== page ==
On our way back to the UK we reflected on what a fantastic holiday it had been. We met some wonderful people and really enjoyed the local food, wine and beer. I look forward to a return visit.
The birding continued soon after our return with a ringing trip in the Lower Derwent Valley. This time we managed to get blue tit, great tit, coal tit, dunnock, blackbird and goldfinch in the mist nets. Everyone had the chance to hold and ring a bird, under the close supervision of our host and we also got the chance to see a barn owl chick.
A dunnock caught in the Lower Derwent Valley
Subjects covered in my weekday indoor classes included "Being ready for anything: how to get the most out of your birding trips and what to wear" and "Introduction to the dipper" while weekday outdoor classes visited Knotford Nook and Nosterfield.
Greylag with pink-footed geese at Nosterfield
 Which takes me to Alkborough which we visited on the morning of the 12th October. It was a bit of a dreary day but thankfully, the rain only managed a light drizzle which didn't affect our plans. We managed to see marsh harrier, little egret, avocet, green sandpiper, ruff, curlew, black-tailed godwit, teal, wigeon and shelduck as well as our first winter flocks of redwing. Seven whooper swans and a couple of pink-footed geese flew over our heads. We finished our day at RSPB Blacktoft Sands and were able to compare spotted redshank and common redshank. Snipe could be seen on almost every lagoon. A real treat was to see a weasel running towards us on the path as we made our way back to the car and we also found an angle shades moth emerging from the leaf litter in the car park.

Snipe at RSPB Blacktoft Sands
Angle shades moth
Find out what happens next at Start Birding indoor and outdoor classes by signing up to my next blog to receive email alerts.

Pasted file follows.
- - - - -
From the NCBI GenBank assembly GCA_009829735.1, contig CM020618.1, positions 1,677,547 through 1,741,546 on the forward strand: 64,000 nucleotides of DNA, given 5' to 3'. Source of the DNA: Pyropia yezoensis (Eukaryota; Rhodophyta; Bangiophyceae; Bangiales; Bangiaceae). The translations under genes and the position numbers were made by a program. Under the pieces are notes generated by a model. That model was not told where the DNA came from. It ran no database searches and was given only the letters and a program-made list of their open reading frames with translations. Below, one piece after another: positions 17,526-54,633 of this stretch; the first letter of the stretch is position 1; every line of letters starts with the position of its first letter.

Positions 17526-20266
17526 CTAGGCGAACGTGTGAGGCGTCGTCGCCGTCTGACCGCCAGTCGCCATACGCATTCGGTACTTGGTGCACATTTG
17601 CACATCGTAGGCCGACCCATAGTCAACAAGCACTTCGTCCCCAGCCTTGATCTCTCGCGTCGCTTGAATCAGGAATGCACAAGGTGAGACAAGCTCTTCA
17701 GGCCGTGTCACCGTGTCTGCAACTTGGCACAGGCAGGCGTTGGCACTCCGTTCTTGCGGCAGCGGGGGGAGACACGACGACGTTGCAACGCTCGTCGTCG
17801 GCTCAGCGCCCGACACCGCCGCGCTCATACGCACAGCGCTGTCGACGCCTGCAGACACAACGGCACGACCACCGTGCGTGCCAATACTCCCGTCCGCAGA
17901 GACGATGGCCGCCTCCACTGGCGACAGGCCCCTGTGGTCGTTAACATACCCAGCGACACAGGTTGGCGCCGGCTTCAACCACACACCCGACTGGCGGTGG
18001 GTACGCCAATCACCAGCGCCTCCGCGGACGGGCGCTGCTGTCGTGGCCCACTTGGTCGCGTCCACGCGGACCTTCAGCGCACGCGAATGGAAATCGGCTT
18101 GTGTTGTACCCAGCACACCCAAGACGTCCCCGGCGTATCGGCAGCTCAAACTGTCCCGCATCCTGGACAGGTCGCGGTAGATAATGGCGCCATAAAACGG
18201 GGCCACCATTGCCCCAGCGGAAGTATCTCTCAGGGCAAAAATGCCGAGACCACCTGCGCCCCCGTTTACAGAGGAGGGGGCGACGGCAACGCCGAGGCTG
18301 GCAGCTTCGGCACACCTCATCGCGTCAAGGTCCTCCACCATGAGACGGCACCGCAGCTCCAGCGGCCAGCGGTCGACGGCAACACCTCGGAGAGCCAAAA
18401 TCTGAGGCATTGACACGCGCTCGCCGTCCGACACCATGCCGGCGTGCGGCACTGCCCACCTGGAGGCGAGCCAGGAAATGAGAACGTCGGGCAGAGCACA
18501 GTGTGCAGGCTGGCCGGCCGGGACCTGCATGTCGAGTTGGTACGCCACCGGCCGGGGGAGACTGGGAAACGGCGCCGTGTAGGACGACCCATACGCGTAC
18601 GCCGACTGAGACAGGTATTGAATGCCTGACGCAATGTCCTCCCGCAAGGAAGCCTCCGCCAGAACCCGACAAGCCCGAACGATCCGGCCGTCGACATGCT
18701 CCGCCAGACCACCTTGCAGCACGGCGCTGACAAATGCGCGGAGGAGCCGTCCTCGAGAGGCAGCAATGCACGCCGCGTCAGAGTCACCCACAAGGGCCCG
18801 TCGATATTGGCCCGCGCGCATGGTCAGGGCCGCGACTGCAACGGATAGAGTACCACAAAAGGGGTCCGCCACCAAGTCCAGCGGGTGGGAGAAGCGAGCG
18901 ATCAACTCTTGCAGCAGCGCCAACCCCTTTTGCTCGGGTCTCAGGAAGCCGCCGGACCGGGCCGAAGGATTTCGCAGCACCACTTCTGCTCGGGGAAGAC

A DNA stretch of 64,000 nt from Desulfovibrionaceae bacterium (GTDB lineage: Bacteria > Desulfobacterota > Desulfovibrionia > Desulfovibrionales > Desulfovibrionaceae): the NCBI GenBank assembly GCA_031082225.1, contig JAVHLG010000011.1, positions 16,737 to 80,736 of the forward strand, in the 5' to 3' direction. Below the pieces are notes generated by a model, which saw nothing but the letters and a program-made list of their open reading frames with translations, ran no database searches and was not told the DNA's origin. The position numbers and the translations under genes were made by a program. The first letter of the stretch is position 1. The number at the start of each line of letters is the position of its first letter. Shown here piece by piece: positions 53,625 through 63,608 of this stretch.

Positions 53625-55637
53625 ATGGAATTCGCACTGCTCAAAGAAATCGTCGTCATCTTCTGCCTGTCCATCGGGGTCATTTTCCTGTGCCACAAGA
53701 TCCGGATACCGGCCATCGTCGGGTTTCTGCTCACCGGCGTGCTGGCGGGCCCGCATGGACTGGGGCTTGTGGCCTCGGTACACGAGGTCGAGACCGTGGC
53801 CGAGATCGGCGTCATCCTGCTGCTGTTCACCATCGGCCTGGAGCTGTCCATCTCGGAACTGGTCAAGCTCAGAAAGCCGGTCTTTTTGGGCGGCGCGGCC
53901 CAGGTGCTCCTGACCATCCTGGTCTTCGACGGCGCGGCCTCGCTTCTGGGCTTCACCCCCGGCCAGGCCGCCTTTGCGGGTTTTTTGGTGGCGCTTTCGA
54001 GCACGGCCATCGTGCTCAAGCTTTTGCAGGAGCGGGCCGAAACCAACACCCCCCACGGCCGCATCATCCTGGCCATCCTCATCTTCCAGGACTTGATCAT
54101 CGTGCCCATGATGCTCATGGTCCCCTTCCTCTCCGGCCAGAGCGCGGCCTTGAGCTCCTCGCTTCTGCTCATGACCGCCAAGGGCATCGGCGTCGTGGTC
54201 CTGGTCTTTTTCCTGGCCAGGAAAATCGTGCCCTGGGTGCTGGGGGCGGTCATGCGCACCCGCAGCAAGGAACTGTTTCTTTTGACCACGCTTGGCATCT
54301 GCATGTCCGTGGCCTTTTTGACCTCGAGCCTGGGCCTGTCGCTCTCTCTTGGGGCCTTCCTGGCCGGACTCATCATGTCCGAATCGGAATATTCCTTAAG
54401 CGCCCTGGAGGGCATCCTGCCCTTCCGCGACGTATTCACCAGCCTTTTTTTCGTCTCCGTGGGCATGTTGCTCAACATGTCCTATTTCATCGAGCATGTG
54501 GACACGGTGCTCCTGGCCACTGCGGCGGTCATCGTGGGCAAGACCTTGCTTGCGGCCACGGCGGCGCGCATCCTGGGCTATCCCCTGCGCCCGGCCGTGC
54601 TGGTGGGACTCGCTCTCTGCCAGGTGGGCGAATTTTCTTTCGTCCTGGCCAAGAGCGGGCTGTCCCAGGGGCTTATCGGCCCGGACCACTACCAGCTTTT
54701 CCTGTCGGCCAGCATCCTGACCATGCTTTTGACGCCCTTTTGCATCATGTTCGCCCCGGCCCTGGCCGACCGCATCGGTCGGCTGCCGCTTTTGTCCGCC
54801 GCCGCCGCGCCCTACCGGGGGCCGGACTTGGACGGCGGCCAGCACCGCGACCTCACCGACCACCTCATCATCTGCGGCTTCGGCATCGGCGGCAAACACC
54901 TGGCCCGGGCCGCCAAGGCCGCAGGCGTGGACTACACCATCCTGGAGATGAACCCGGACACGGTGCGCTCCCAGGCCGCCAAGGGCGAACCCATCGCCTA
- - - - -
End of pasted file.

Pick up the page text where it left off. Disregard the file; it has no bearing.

Tuesday, 17 September 2013

There's a nip in the air!

Hello birdwatchers

We're already 3 weeks into my new programme and on the last couple of trips there has been an autumnal nip in the air. The gloves have been on this month already!

My new group of birdwatchers are meeting at Hollybush Conservation Centre on Monday evenings and, so far, have been learning how to use their binoculars effectively; how to choose a good fieldguide; note taking and sketching and bird identification.

My Wednesday evening birdwatching group are in their second year at Hollybush Conservation Centre and are now learning about different bird families, individual species and birds song.

Outdoor classes are still taking place on Tuesday mornings, Saturdays and some Sundays. So far, the Tuesday birdwatchers have visited Golden AcreAdel Dam, Breary Marsh and Paul's Pond.

a heron at Adel Dam

On this morning's visit to Breary Marsh and Paul's Pond we looked at differences between adult rooks and crows and how immature birds can cause confusion. We also watched house martins, sand martins and swallows feeding up to increase their weight before their outward migration. A single female wigeon on Paul's Pond could have come from as far away as Arctic Russia to spend the winter in the UK.